Reading for Sunday morning from letters by Hannah Whitall Smith
Read by Natalie Moya
and forecast for farmers and shipping
The New Casino Orchestra
Conducted by Reginald Kilbey and Joan Trimble Valerie Trimble
From the Graduation Hall of St. Andrews University. Conducted by the Rev. Sidney Berry, D.D., Secretary of the International Congregational Council. Preacher, the Rev. Douglas Horton, D.D., Moderator of the Council.
Give to our God immortal praise
(Cong. Praise 9)
First Lesson: from Jeremiah 31
Love divine (Cong Praise 179)
Second Lesson: from Ephes\ians 4 Prayers
Blessed oity (Cong. Praise 237) Sermon
Thy hand. 0 God. has guided (Cong.
Prayer and Benediction
Organist, John Martin
Overture: La Clemenza di Tito
(Mozart): Philharmonia Orchestra, conducted by Rafael Kubelik
Concertino for piano and orchestra
(Jean Francaix): the composer, with the Berlin Philharmonic Orchestra, conducted by Leo Borchard
Symphony No. 5 (Shostakovich):
Vienna Symphony Orchestra, conducted by Jascha Horenstein on gramophone records
'Solitary' by Captain Peter Churchill D.S.O. , M.c.
The speaker gives an account of the three hundred and eighteen days he spent in solitary confinement as a prisoner of the Germans during the war. His reaction to the experience was decidedly more active :han contemplative.
Captain Peter Churchill
A weekly review edited by Anna Instone and Julian Herbage
Introduced by Julian Herbage
' Debussy's Preludes for Piano,' by Felix Aprahamian
' Two Books on Vaughan Williams ,' by Frank Howes
'Arabella Hunt , singer and lutenisit,' by Diana Poulton
Conducted by Dilys Powell
Theatre: Ivor Brown
Radio: Peter de Francia
Books: Pamela Hansford Johnson
Art: Colin Maclnnes
Films: Paul Dehn
and forecast for farmers and shipping
Listeners' questions about the countryside answered by Eric Hobbis , Maxwell Knight and Ralph Wightman
Question-Master, Jack Longland
Produced by Bill Coysh
Today's anniversaries in the opera world recalled, with gramophone records, by Dennis Arundell
Introduced by Roy Hay
W. F. Bewley, C.B.E ., D.SC., V.M.H., discusses the making and significance of garden Compost; Edward Hyams talks about the cultivation of melons; Joe Brayshaw puts the amateur point of view; Fred Streeter outlines the week's work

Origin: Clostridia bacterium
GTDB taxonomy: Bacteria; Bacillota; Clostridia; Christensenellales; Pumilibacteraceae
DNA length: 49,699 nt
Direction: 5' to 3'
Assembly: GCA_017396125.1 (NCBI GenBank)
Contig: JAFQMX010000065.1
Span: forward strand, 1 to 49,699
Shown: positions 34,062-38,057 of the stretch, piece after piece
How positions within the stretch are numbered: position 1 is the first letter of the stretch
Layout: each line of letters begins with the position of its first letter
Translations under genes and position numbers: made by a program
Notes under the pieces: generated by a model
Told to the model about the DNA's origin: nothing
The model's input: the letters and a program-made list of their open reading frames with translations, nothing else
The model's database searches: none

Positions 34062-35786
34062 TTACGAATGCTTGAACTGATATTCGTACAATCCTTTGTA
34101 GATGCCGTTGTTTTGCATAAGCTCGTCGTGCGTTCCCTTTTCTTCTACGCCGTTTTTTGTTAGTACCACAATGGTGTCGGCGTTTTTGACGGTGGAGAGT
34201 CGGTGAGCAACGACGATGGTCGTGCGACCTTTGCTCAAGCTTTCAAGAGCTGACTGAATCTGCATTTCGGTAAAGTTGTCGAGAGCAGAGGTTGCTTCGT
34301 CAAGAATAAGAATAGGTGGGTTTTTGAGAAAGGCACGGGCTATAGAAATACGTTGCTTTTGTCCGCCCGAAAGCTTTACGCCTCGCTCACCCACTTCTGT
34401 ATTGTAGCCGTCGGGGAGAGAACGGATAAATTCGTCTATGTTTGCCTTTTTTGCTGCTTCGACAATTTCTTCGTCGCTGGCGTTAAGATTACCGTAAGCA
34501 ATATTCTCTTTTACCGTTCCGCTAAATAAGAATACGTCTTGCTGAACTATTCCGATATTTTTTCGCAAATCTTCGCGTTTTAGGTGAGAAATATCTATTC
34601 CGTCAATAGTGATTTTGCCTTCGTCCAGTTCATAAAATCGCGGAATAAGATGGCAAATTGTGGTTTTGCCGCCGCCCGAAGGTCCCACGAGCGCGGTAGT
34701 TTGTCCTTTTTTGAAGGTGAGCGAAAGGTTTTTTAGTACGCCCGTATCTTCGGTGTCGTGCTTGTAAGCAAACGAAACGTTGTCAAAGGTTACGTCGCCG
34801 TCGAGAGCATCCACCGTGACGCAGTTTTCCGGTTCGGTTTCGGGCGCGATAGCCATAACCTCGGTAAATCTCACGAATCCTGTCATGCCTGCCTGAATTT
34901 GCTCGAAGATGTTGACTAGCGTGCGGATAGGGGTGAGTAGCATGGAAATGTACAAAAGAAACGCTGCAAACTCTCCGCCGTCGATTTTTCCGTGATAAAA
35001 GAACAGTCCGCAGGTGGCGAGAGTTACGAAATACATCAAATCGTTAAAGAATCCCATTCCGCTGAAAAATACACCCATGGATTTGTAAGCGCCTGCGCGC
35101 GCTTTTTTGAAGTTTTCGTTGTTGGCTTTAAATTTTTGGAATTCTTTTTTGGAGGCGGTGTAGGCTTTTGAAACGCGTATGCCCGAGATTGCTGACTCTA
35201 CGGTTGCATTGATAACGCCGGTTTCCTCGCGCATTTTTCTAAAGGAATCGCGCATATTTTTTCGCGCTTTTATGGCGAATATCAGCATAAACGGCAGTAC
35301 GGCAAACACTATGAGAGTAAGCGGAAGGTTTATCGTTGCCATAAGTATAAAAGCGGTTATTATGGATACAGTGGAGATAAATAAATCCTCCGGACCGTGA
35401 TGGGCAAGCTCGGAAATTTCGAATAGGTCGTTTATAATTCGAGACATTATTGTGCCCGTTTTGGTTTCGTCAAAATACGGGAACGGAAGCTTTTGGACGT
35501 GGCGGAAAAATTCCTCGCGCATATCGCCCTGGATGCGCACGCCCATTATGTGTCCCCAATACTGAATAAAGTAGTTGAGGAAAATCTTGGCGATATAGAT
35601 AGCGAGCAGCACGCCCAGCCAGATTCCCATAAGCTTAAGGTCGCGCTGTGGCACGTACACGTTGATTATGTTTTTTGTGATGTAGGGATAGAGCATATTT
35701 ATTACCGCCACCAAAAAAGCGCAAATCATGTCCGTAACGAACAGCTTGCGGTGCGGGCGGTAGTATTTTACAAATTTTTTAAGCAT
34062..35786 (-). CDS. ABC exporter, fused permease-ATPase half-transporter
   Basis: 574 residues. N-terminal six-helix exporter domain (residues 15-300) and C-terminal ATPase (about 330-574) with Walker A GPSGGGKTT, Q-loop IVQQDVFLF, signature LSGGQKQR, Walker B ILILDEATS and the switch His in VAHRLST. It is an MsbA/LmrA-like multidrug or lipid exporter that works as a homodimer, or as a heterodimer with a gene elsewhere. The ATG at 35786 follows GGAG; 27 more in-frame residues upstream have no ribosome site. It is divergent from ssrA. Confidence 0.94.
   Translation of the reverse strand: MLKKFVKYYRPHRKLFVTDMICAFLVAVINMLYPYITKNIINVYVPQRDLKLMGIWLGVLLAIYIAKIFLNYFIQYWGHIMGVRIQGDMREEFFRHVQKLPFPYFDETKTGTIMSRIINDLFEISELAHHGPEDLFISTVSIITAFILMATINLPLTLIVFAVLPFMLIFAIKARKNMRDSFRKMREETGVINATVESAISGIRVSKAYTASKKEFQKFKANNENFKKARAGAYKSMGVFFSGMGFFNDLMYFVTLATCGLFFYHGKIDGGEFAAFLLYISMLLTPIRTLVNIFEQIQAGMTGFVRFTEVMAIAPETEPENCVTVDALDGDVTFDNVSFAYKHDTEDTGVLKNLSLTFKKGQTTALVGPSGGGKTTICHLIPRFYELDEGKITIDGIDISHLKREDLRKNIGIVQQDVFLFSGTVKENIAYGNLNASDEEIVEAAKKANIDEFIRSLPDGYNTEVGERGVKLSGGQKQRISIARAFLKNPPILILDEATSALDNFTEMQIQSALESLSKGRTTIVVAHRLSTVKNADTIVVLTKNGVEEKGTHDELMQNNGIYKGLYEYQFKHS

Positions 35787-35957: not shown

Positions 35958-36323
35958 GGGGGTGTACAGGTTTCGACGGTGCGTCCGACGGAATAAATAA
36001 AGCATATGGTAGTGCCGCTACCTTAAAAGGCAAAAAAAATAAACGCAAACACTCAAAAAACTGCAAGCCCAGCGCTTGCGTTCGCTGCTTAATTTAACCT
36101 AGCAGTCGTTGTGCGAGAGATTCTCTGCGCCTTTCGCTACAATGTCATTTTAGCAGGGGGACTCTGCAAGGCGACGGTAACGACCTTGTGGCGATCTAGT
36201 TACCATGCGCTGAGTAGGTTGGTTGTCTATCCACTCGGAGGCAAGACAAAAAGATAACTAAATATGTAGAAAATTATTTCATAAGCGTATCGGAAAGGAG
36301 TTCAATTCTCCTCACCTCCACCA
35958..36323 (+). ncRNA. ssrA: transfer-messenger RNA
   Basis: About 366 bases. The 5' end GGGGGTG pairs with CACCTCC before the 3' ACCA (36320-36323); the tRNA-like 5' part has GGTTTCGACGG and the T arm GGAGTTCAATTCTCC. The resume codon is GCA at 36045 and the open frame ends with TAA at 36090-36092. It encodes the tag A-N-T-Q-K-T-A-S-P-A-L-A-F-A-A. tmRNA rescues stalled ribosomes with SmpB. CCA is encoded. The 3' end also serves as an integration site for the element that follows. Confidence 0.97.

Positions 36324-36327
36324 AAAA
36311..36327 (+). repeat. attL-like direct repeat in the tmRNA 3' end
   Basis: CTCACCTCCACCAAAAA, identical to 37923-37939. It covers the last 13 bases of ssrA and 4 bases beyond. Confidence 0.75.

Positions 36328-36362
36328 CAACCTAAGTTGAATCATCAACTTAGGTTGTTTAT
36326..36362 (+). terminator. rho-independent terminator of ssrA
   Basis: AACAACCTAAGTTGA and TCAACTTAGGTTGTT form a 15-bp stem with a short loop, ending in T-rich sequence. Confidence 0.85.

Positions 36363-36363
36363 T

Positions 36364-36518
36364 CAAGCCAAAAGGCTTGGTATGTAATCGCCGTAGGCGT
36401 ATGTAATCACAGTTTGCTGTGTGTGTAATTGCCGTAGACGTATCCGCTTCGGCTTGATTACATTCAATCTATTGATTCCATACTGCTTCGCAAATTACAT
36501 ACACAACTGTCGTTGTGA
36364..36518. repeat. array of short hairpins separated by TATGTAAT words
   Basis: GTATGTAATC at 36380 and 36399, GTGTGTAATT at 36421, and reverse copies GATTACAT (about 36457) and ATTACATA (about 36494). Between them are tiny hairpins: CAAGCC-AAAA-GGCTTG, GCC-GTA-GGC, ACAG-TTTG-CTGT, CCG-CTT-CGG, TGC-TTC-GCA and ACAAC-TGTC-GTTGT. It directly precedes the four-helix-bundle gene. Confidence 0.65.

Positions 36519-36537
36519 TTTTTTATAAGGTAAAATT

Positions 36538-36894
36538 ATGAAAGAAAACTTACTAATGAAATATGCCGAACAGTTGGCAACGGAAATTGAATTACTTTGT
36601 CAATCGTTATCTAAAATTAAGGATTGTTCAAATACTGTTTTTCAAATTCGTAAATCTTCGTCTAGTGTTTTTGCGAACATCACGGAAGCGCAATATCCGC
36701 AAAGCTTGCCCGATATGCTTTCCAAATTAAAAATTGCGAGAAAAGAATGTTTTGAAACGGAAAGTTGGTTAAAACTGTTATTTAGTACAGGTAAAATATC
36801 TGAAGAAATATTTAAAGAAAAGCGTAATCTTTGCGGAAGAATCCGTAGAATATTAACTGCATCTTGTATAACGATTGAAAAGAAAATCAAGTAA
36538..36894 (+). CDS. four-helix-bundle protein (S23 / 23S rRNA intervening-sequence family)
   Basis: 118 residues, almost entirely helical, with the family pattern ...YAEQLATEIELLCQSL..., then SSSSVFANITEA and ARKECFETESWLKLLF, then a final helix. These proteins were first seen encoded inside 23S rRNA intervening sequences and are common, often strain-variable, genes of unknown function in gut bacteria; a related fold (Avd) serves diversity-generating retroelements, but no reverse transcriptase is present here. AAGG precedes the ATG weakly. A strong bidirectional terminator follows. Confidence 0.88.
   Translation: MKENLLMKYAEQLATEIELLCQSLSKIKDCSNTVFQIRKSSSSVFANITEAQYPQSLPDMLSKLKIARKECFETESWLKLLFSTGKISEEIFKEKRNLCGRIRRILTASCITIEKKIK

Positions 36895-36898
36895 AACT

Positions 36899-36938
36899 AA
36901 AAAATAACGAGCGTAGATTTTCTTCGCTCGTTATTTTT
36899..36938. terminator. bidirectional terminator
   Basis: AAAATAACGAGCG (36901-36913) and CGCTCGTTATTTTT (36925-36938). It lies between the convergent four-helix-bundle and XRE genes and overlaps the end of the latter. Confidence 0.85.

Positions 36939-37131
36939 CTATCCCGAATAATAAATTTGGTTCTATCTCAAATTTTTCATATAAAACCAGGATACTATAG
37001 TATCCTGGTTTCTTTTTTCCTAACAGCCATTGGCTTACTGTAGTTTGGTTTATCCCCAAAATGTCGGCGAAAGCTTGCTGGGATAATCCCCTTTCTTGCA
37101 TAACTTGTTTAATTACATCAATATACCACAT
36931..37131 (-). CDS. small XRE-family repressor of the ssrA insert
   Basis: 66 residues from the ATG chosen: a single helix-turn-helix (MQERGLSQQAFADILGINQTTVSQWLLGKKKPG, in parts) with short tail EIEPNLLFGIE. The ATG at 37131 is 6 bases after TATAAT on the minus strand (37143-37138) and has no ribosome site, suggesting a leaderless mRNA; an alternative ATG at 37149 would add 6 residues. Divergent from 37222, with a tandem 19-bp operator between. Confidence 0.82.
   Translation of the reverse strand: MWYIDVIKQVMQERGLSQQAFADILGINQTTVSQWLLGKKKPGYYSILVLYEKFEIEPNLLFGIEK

Directed by Sidney Crooke
by Hubert Henry Davies
Adapted for broadcasting by Peggy Wells
Produced by Archie Campbell
Tom Kemp, a genial bachelor who has come from Colorado to visit his sister and her husband Richard Baxter, gives a clue to the theme of the play when he says: ' Some people are like a mollusc of the sea, which clings to a rock and lets the sea tide flow over its head. Molluscry is not the same as" laziness,not altogether. The lazy flow with the tide. The mollusc uses force to resist pressure. It's amazing the amount of force a mollusc will use, to do nothing.'
Dulcie, his wife:
(Leader, John Sharpe )
Conductor, Gilbert Vinter
Owen Brannigan (bass)
This week he talks about ' Elizabeth I and her Parliaments: 1559-1581 by J. E. Neaie , and ' The England of Elizabeth: the Structure of Society ' by A. L. Rowse.
For Listeners of All Ages
' The Water Babies 'by Charles Kingsley made into a play for radio by Muriel Levy
Incidental music by Henry Reed played by a section of the BBC Northern Orchestra
Conducted by the composer
Production by Herbert Smith
Holiday Precautions by Gordon Cummings
In the second of two talks Gordon Cummings describes facilities that exist for insuring oneself, one's family, and one's baggage while away from home on holiday.
Shipping and general weather forecasts. followed by a detailed forecast for South-East England
A naval spy story based on the actual experience of the author during the Battle of the Atlantic